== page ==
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International students could return to Australia by 2021

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Education Minister Alan Tudge believes the COVID-19 vaccine rollout could pave the way for Australia to up its intake of international students as early as the start of next year.

In a speech delivered to the Royal Melbourne Institute of Technology (RMIT) – the university most reliant on overseas students – Mr Tudge said Australia’s lucrative market for international students could be given a much-needed boost by February 2021.

“With the vaccine rollout under way, I am increasingly hopeful that student arrivals in larger numbers will occur by Semester 1 of next year,” Mr Tudge said.

“I am asked these questions almost daily.

“We are looking forward to welcoming back international students who remain overseas, and we thank them for their patience to date.

“I hope they appreciate that we have closed the borders for a very good reason.”

Mr Tudge, who studied at Harvard in the US, also flagged the possibility for individual universities to bring in international students this year if chief health officers agreed and safe quarantine quarters were provided.

The $10bn international students market has been crippled since Australia closed its international borders at the beginning of the pandemic.

Mr Tudge claimed enrolments at the end of last year were only down 7 per cent on 2019, but it is estimated 140,000 students have been stuck overseas.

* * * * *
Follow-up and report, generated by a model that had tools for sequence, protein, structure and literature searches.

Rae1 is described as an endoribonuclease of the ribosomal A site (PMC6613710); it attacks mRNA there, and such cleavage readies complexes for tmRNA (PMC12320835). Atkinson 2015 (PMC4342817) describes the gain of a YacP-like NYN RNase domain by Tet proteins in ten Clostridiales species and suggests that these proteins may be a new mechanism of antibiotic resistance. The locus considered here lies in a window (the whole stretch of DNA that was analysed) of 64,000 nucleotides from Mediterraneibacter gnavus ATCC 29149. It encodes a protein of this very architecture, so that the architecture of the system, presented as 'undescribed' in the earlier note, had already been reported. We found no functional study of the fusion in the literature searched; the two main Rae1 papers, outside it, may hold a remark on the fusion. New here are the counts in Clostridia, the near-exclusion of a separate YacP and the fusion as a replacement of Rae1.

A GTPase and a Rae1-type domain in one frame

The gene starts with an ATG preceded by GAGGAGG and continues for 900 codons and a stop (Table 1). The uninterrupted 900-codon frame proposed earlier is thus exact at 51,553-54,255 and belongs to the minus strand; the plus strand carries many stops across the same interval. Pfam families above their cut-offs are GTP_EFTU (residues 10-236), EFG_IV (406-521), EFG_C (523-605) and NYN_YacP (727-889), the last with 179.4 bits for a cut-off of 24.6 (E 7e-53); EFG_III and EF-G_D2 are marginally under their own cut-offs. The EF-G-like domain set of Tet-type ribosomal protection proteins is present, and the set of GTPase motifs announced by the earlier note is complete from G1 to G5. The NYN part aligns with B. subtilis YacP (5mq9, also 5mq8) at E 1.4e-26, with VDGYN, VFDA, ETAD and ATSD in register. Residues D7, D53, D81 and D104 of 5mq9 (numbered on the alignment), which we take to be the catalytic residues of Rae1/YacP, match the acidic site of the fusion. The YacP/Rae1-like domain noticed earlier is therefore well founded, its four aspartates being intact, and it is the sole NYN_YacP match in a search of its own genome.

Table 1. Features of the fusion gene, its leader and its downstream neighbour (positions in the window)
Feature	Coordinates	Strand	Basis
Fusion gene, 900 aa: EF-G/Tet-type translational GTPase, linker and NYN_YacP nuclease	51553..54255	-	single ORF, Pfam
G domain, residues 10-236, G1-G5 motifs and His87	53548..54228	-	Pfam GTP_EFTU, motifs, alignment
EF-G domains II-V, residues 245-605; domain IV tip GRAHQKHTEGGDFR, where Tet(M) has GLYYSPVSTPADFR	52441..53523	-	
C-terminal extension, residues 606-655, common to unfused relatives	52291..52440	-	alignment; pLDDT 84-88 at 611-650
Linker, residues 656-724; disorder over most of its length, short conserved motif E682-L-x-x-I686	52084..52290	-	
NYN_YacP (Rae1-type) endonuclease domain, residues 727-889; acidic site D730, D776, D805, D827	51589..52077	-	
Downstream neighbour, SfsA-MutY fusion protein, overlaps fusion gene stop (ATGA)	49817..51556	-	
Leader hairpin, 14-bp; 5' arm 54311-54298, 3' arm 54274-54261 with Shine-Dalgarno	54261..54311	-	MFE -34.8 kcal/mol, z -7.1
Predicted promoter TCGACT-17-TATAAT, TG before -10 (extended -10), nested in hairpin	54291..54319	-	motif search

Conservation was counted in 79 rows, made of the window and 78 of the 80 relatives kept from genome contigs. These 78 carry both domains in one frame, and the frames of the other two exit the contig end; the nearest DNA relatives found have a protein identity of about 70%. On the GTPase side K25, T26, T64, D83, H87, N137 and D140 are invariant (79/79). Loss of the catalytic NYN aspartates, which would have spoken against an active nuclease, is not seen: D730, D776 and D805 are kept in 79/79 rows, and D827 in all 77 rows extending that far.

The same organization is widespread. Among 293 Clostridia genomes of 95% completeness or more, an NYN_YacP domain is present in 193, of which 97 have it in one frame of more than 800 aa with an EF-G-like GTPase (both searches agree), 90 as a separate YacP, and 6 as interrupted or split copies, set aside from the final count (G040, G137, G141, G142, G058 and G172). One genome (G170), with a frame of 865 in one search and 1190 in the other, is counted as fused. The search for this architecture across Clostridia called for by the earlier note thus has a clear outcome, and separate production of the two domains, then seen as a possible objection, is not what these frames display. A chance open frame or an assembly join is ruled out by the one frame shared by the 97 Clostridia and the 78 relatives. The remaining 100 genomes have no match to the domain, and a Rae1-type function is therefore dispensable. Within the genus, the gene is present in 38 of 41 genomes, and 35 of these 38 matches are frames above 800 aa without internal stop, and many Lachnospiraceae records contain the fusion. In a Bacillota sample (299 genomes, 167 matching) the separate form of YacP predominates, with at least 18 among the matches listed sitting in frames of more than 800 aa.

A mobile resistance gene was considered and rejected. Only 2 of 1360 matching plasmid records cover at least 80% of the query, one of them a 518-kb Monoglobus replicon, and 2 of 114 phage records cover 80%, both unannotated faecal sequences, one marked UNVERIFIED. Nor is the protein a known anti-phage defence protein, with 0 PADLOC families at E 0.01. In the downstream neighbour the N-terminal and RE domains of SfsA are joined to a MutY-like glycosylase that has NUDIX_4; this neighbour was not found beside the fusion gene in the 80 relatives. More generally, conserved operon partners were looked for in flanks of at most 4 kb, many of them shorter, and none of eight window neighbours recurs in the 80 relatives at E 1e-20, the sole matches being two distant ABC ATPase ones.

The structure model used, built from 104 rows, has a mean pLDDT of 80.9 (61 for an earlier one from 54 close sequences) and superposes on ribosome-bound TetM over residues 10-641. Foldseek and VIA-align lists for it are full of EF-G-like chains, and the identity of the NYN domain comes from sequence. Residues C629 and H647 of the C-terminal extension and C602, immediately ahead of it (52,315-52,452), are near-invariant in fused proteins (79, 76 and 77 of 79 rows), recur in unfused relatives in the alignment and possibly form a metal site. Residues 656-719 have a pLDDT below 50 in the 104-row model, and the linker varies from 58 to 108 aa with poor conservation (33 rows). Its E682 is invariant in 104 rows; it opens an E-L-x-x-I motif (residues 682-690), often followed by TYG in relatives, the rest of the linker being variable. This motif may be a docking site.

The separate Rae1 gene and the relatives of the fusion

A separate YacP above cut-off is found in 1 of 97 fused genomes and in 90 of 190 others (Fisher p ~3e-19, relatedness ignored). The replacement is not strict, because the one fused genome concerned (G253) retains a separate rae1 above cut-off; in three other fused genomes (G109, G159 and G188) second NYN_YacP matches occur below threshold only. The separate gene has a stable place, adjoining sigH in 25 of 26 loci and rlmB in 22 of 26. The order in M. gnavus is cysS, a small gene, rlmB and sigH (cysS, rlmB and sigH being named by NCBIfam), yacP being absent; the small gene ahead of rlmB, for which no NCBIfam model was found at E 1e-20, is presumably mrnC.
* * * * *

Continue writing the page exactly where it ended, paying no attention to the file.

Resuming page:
The Mitchell Institute at Victoria University also estimates there are 210,000 fewer international students overall in Australia than would otherwise be expected.

Universities Australia recently released data that showed the university sector lost $1.8bn in income last year and at least 17,300 jobs.

“Of course, there is still the opportunity to bring students back in small, phased pilots,” he said.

“This could occur if an institution works with the state or territory government and presents a plan to us for quarantining international students.

“The plan must be approved by the chief health officer of the state or territory and there must be quarantine space available above and beyond that presently used for returning Australians.

“I have discussed various plans with government and university leaders but to date have not received any concrete proposal.”

Mr Tudge said he hoped the federal government would have a clearer idea later this year on when international borders will reopen.

“We are expecting more clarity on these issues by mid-year, at which time we should be more certain on border openings,” he said.

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